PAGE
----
MDOT video explains future I-94 rebuilding project in Berrien County and seeks public inputContact: Nick Schirripa, MDOT Office of Communications, 269-208-7829 Agency: Transportation
- MDOT has produced a YouTube video explaining a planned three-year project to rebuild 11 miles of I-94 in Berrien County.
- The public is being asked to submit any comments or concerns with the planned project using an online comment form, via e-mail, through postal mail, or by phone.
- This project will be funded by the Rebuilding Michigan bonding program.
July 26, 2021 -- The Michigan Department of Transportation (MDOT) is planning a three-year project to rebuild 11 miles of I-94 in Berrien County from I-94 Business Loop (BL) (Red Arrow Highway) to Britain Avenue. MDOT has released a video on YouTube to help explain this Rebuilding Michigan project.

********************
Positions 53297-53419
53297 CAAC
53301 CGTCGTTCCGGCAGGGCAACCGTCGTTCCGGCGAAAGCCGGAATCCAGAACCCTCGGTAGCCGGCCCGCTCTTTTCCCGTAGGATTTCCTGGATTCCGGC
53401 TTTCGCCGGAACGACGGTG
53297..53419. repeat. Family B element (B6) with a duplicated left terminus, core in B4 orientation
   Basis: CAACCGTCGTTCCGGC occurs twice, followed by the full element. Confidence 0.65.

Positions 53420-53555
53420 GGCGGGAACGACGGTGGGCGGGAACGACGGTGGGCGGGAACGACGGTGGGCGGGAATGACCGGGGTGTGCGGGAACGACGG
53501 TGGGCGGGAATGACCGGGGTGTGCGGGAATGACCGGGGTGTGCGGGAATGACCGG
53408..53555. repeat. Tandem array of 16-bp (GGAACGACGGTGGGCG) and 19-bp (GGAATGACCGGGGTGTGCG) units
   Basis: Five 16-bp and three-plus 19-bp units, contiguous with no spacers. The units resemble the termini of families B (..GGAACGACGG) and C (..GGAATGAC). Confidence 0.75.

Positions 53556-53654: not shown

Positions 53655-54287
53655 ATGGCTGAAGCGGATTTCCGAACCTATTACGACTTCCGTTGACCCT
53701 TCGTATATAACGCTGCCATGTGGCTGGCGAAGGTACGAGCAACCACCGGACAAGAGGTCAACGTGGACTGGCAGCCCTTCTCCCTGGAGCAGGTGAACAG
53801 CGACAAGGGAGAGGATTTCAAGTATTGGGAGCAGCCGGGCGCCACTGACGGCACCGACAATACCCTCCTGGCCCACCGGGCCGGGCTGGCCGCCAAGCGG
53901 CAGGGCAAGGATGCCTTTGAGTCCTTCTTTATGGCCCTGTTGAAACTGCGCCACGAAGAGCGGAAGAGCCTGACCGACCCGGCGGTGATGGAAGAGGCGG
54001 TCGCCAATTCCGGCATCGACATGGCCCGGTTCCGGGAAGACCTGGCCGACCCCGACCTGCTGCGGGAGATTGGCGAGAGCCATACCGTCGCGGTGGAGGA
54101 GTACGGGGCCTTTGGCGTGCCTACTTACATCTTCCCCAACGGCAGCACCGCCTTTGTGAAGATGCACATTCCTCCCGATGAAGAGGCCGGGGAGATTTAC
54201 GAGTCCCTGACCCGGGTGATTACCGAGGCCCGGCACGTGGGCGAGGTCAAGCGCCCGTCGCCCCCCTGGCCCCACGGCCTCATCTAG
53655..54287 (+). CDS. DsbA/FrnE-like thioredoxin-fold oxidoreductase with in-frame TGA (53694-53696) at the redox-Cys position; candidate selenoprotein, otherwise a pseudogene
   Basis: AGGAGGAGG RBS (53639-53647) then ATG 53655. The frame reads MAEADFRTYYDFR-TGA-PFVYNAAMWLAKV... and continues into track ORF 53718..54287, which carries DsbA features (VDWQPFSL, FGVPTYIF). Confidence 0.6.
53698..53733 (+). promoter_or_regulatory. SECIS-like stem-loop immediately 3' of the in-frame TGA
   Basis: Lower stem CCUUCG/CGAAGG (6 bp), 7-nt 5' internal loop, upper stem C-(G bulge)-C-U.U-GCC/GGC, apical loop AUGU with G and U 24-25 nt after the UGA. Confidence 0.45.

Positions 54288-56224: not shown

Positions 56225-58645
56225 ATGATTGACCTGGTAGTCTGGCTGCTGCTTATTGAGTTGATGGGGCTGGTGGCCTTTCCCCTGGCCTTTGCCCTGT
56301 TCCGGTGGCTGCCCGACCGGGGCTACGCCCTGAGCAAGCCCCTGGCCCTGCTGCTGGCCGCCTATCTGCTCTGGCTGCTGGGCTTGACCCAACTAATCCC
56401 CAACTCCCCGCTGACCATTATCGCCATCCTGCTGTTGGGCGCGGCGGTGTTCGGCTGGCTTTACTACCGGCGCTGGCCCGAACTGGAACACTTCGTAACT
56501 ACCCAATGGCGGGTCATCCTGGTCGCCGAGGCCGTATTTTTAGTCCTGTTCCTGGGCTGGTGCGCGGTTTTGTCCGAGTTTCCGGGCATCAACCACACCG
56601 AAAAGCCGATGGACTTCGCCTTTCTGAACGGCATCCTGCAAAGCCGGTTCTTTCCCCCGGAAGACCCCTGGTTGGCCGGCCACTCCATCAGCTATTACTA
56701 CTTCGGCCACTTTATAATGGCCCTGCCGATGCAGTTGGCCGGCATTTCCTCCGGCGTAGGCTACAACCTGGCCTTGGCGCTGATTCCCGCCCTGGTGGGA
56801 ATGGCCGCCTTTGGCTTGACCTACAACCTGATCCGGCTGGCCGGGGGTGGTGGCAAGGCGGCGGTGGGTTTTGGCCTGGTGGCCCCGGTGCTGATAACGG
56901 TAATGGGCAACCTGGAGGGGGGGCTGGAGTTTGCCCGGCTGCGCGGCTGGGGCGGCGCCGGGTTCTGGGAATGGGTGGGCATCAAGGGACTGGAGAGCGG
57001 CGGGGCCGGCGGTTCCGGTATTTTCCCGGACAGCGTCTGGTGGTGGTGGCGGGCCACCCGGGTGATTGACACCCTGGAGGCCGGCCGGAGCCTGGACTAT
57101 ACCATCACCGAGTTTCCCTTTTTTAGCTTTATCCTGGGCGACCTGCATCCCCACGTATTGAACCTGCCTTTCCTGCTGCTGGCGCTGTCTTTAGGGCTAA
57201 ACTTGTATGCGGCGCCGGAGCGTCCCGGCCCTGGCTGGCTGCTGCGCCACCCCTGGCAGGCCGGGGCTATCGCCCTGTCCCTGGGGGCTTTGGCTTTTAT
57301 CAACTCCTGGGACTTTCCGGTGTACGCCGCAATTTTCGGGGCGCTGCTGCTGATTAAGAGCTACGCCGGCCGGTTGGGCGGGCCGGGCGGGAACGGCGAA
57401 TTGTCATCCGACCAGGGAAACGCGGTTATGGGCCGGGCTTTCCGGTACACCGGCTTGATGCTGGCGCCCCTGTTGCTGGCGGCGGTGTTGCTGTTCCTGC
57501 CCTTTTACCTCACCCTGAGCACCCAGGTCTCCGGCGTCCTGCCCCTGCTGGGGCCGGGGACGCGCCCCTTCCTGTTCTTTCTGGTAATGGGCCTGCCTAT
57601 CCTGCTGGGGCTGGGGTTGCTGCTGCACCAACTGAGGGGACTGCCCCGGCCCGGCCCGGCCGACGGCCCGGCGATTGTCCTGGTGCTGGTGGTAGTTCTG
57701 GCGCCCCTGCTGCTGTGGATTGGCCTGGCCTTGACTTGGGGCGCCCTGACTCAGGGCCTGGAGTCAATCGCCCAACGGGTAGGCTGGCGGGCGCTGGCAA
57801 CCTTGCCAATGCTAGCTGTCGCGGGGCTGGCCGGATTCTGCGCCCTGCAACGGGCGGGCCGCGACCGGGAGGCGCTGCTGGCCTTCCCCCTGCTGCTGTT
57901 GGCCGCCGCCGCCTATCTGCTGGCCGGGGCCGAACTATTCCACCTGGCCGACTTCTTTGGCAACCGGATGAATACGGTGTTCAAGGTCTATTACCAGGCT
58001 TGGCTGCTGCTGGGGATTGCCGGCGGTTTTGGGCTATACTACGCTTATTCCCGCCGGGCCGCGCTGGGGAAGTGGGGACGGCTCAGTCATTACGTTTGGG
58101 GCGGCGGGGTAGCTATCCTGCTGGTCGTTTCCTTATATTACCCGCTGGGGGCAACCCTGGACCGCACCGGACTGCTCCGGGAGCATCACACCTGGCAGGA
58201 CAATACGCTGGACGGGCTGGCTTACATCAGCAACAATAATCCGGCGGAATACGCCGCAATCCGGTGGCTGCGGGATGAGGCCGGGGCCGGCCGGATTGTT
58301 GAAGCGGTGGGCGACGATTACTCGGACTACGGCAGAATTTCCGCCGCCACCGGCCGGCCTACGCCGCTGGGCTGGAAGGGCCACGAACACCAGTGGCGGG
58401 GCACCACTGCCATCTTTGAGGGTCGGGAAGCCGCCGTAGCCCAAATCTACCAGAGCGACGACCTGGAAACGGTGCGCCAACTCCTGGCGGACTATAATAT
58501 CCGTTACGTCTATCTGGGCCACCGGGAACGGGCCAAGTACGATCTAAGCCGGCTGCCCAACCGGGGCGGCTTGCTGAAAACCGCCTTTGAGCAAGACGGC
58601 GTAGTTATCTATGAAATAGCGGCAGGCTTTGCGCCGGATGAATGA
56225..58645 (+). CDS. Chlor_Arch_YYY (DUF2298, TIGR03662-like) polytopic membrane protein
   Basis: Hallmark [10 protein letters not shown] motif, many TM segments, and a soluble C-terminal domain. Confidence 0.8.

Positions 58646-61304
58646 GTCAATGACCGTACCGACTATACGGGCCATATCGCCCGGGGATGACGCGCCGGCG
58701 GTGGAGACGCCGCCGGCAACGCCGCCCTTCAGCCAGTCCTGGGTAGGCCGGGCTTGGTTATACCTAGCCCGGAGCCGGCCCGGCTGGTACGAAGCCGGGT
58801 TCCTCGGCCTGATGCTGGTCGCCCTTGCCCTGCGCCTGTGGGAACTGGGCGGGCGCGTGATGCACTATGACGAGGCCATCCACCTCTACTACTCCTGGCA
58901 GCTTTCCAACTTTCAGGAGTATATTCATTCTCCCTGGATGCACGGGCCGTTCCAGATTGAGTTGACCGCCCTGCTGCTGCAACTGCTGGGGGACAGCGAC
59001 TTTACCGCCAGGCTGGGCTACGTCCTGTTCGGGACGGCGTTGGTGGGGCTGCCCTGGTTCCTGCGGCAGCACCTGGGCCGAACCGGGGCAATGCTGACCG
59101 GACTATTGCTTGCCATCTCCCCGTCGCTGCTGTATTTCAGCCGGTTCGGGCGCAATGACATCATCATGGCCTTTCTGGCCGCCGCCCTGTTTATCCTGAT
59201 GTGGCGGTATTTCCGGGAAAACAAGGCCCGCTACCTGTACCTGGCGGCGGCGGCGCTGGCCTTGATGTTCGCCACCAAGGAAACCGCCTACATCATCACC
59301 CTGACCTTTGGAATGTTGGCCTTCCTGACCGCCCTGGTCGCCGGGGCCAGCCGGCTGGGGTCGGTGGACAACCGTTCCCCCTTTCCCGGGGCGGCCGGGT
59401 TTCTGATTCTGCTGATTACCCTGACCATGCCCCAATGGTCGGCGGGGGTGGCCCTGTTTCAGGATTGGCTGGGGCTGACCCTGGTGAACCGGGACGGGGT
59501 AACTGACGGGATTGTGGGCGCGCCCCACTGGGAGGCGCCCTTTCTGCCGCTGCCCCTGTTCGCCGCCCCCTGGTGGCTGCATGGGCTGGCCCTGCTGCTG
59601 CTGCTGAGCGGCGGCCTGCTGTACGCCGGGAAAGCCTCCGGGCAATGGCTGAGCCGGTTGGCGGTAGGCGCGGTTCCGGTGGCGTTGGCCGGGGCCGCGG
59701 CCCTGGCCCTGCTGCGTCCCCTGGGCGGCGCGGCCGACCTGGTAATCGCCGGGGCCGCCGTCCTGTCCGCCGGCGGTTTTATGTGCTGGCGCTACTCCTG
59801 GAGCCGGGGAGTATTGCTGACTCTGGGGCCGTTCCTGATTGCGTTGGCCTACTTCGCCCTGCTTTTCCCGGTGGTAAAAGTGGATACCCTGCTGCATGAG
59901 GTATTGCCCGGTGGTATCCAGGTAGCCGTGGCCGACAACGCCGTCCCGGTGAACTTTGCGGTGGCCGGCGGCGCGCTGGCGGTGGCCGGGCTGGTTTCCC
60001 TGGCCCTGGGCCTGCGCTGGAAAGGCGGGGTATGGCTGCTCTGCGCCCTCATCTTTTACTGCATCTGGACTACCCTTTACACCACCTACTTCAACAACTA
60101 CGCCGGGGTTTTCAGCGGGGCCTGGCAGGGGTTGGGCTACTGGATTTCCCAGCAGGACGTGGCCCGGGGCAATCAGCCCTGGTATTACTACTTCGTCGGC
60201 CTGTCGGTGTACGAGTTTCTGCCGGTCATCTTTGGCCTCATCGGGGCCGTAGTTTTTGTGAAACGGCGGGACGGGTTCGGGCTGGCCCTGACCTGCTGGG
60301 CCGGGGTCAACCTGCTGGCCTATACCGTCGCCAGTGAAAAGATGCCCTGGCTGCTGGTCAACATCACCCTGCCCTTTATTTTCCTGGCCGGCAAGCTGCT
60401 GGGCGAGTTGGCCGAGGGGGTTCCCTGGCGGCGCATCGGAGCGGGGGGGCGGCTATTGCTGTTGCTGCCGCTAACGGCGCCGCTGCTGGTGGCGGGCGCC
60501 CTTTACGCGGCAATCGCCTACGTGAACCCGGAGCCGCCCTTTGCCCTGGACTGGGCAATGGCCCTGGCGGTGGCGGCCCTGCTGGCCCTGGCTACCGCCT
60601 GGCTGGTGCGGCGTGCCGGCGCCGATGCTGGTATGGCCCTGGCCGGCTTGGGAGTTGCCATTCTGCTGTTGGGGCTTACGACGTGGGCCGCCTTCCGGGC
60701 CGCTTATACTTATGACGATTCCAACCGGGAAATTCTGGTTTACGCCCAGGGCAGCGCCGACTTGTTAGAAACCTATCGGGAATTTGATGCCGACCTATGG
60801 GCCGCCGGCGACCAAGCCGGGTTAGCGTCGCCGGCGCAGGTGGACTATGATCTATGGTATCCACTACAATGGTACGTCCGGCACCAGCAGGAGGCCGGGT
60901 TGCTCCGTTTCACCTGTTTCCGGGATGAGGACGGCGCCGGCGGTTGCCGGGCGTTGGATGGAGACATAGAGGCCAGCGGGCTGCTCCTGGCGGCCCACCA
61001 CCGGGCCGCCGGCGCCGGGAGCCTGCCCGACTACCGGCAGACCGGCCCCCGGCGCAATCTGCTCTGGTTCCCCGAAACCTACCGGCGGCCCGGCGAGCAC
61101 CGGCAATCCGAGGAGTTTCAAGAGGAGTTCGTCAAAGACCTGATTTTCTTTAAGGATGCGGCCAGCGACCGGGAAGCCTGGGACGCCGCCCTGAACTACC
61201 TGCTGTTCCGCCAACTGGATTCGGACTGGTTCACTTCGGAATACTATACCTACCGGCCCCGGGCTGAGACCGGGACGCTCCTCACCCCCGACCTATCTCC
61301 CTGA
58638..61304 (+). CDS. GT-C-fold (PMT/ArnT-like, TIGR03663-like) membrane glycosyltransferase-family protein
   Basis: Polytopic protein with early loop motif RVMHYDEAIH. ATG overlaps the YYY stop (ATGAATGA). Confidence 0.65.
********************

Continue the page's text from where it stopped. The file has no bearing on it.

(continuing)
MDOT currently is planning the project to rebuild I-94 from west of the interchange with I-94 Business Loop, known locally as Red Arrow Highway, to Britain Avenue, a six-lane section divided freeway with an annual average daily traffic volume of 63,000 vehicles. In addition to rebuilding this section of I-94, work also includes replacing four bridges, and improving seven additional bridges.
The total investment for this project is estimated to be more than $153 million. Maintenance work to prepare for the main project will occur in 2022, while major work activities are expected to begin in 2023 and conclude in 2024.
Public input is being sought to help MDOT recognize and address any concerns that may result from the project. Provide your comments and questions using the online comment form or by mail, e-mail or phone to MDOT Public Involvement Specialist and Hearings Officer Monica Monsma at MonsmaM@Michigan.gov or:
MDOT Environmental Services Section
P.O. Box 30050
Lansing, MI 48909
Funding for this project is made possible by Gov. Gretchen Whitmer's Rebuilding Michigan program to rebuild the state highways and bridges that are critical to the state's economy and carry the most traffic. The investment strategy is aimed at fixes that result in longer useful lives and improves the condition of the state's infrastructure.